African American News and Genealogy

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Saturday, October 08, 2005

Aaron Burr fans find unlikely ally in black descendant

Wednesday, October 05, 2005

By Greg Ip, The Wall Street Journal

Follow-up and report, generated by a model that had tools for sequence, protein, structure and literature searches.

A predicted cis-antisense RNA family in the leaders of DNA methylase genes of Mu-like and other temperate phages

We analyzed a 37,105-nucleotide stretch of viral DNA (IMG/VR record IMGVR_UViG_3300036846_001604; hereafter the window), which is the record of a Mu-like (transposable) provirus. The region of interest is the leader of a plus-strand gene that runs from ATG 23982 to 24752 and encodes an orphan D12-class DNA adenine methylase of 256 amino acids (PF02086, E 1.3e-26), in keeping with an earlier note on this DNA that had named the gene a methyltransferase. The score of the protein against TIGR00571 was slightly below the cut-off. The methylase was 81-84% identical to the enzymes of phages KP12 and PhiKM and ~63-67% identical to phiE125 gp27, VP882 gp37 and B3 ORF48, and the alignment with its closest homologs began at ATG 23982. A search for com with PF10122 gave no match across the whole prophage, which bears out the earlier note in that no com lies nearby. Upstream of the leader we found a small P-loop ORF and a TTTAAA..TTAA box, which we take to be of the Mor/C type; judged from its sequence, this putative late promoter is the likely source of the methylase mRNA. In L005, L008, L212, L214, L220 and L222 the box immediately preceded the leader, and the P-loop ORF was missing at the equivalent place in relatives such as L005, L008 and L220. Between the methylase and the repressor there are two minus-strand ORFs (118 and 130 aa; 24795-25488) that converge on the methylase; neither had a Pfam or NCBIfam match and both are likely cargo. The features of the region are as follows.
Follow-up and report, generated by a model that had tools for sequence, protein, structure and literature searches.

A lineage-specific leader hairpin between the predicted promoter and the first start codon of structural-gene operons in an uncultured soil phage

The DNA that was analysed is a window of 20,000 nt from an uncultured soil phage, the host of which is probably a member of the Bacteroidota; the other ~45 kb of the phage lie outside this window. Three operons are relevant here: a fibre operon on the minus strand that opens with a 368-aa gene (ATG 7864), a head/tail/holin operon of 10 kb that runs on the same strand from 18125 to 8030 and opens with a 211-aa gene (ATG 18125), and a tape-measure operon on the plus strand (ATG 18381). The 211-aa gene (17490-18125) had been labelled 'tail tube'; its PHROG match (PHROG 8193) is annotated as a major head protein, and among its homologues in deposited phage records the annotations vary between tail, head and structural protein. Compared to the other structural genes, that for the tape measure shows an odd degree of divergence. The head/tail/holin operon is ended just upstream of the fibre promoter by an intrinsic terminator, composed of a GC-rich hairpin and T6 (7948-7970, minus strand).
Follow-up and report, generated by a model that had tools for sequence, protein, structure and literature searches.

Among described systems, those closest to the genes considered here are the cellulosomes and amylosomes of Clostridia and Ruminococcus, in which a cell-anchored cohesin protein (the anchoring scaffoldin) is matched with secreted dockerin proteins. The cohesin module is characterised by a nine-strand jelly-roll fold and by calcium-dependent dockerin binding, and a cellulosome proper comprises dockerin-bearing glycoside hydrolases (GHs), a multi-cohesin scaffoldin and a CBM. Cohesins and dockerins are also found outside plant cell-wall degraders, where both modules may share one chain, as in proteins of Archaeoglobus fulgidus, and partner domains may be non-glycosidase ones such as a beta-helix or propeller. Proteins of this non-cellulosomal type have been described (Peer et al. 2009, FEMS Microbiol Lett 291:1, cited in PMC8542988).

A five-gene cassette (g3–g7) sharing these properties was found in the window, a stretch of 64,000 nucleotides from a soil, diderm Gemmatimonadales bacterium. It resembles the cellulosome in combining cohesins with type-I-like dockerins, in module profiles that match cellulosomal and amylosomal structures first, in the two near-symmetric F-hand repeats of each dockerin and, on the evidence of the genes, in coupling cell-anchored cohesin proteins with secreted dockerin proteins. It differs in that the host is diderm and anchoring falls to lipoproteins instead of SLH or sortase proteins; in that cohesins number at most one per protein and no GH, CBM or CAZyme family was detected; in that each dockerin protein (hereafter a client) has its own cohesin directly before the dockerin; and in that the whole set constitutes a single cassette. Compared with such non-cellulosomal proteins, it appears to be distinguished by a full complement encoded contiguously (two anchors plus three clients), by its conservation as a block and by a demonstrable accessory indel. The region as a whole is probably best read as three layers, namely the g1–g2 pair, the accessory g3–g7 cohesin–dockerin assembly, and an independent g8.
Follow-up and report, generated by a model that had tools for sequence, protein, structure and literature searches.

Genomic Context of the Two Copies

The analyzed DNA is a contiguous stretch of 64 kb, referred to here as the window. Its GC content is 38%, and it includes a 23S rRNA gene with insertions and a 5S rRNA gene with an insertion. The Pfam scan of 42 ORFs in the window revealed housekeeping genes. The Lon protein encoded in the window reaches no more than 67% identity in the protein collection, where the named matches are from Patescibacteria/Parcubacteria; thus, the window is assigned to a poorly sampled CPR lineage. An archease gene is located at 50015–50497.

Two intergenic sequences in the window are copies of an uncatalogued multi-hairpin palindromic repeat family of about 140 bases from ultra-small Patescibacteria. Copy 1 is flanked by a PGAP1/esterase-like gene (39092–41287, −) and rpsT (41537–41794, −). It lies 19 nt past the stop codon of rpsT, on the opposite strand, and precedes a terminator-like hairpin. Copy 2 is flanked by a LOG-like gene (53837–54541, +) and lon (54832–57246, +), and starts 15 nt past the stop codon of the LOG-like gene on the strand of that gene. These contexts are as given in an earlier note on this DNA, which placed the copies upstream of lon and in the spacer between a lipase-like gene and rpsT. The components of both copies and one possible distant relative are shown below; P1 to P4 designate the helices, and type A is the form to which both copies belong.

PHILADELPHIA -- For years, Stuart Fisk Johnson, a white criminal-defense attorney, has doggedly researched the life of his distant ancestor Aaron Burr in hopes of restoring Burr's good name. Recently, Mr. Johnson found an unlikely ally here: an 86-year-old retired black nurse who says she is Burr's great-great-great-granddaughter, the descendant of Burr's illegitimate, mixed-race son. The nation's third vice president, Burr hasn't been treated kindly by history. He is chiefly remembered for killing his rival Alexander Hamilton in a duel in 1804. Thomas Jefferson suspected Burr of trying to take the presidency from him in the disputed election of 1800. Years later, Jefferson had him arrested for treason for allegedly trying to start a war with Spain and separate the western territories from the United States. Though Burr was acquitted, his reputation was ruined. It has more or less stayed that way, in part because of the great esteem in which Hamilton and Jefferson are still held. Lately some historians have painted a more benign picture. They note that Burr, unlike Jefferson, actively opposed slavery (though he may have owned a few slaves himself). He introduced a bill in the New York Legislature to abolish slavery. He courted the political support of New York's black leaders. And his purported illegitimate son, Philadelphia barber John Pierre Burr, was a prominent abolitionist. At its annual meeting in King of Prussia, near Philadelphia, this week, the Aaron Burr Association, a small group of Burr devotees headed by Mr. Johnson, plans to share a trove of family documents, pictures and oral history owned by Louella Burr Mitchell Allen, the nurse who traces her lineage to John Pierre Burr. Mrs. Allen, who lives in a Philadelphia retirement home, will speak at the meeting about Burr's family of color. The documents and oral history aren't conclusive; there is no birth, death or marriage certificate linking Aaron Burr to John Pierre Burr. And DNA testing hasn't been done. Still, Mr. Johnson and his association are embracing Mrs. Allen and her relatives as long lost kin. "Even though it hasn't been proven yet, we're very conscious (Mrs. Allen) is getting up in years and we want to learn about her and this family before it's too late," says Mr. Johnson, 62 years old, who runs the association from his home in Upper Marlboro, Md. His sister, Phyllis Morales, says there's no question that Mrs. Allen "is my relative," adding that she "looks just like us -- her mannerisms, her voice." Mr. Johnson and Ms. Morales trace their family tree back to a cousin of Burr's. The Burr group's embrace of Mrs. Allen contrasts with the cool reception many of Thomas Jefferson's white descendants have given descendants of Jefferson slave Sally Hemings. In 1998, DNA testing demonstrated that Jefferson was probably the father of one of her sons. Nonetheless, the Monticello Association, which controls burial rights at the Jefferson family cemetery near Charlottesville, Va., says the DNA evidence is not conclusive. So far the association has declined to permit Hemings descendants to be buried at the cemetery, which is restricted to Jefferson's direct descendants. Many of the details of Burr's life are well-known. In 1782, he married a woman 10 years his senior, Theodosia Prevost, the widow of a British army officer. They had at least two children, but only one survived to adulthood, a girl also named Theodosia. Burr was rumored to have fathered illegitimate white children, but Mr. Johnson says he knows of no living descendants of them and no descendants of Burr's daughter. Much of what the Aaron Burr Association now knows of Mr. Burr's mixed-race family was collected and written down by Mabel Burr Cornish, the great granddaughter of John Pierre Burr. After Mrs. Cornish died in 1955, her notes were given to Mrs. Allen, her niece. Mrs. Allen displays a thick scrapbook of documents and handwritten remembrances in her retirement suite. "We are proud of the fact (Burr) was an upstanding citizen and not a dirty politician," she said. She opened the book to a picture of John Pierre Burr that, she says, hung in his Philadelphia barber shop. It shows a handsome, grave man with a distinctive narrow nose that resembles Aaron Burr's and Mrs. Allen's. The history collected by Mrs. Cornish and Mrs. Allen suggests that Aaron Burr had two children with Mary Emmons, who was a servant but not a slave in Burr's household in Philadelphia while he was married to Theodosia. Mary Emmons was born in Calcutta and lived in Haiti before coming to the U.S. The couple had a daughter, Louisa Charlotte, in 1788. They had a son, John Pierre, in 1792. Allen Ballard, a distant cousin of Mrs. Allen who counts himself as a Burr descendant, says that some of his own, older relatives felt ambivalent about being descended from Burr. "This traitor thing still hung on him," he says. "There hadn't been all this revisionist history" of recent years that portrays Burr as victimized by the malice of Hamilton and Jefferson. Mr. Ballard, who teaches history and African-American studies at the State University of New York at Albany, says his mother's aunt had a marriage certificate showing that Burr and Emmons were married after Theodosia's death but that the aunt tore it up out of frustration with the family's lack of interest. Though his mother may have been East Indian, John Pierre Burr considered himself an African American. A free man, he turned his barber shop into a station in the underground railroad. He hid slaves in the backyard and attic, according to Mrs. Cornish's writings. Mrs. Allen thinks Aaron Burr may have quietly supported John Pierre Burr in his abolitionist activities although there's no proof of that. After serving as an officer in George Washington's army, Burr became prominent in New York state politics. In 1800, Jefferson chose him as his vice-presidential running mate. The two tied in the Electoral College, which in those days did not cast separate ballots for president and vice president, so the decision was thrown to the House of Representatives. Whether Burr actively tried to become president is unclear but Jefferson, who eventually prevailed, suspected that he had, and hated him for it. Burr later ran for governor of New York, incurring the wrath of Alexander Hamilton, who tried to undermine Burr's candidacy. Hamilton's alleged slanders -- precisely what he said is unclear -- led to the fatal duel, fought on the New Jersey cliffs overlooking Manhattan. Burr then traveled west to explore turning Spanish territory, and possibly some of the newly acquired U.S. western territory, into a separate country. Jefferson learned of the plan and had him tried for treason in 1807. He was acquitted thanks to the interventions of Chief Justice John Marshall, a Jefferson antagonist, who presided over the trial. Burr, his reputation ruined nonetheless, left for Europe. He returned in 1812. He married a wealthy widow in 1833; they were divorced the day Burr died in 1836. The new evidence of Burr's family of color gets mixed reactions from historians. Thomas Fleming, author of "Duel: Alexander Hamilton, Aaron Burr and the Future of America," is skeptical, arguing that Burr's enemies would almost certainly have learned of such a family's existence and "played it up very big." But Roger Kennedy, author of "Burr, Hamilton and Jefferson: a Study in Character," calls the story "plausible." He notes Burr, in a letter to his daughter Theodosia, briefly mentioned a woman in Philadelphia about whom he seemed to feel both affection and guilt. Mr. Kennedy speculates it may have been a woman of color. The Aaron Burr Association has explored DNA testing to verify the link. But the test is generally on the male Y chromosome, which changes little between generations, and the association has not found a suitable male descendant of John Pierre Burr from whom to take a sample. Mrs. Allen has no doubts. "Since the beginning of time, the races all meshed," she says. "And you know what? You get quality from this combination."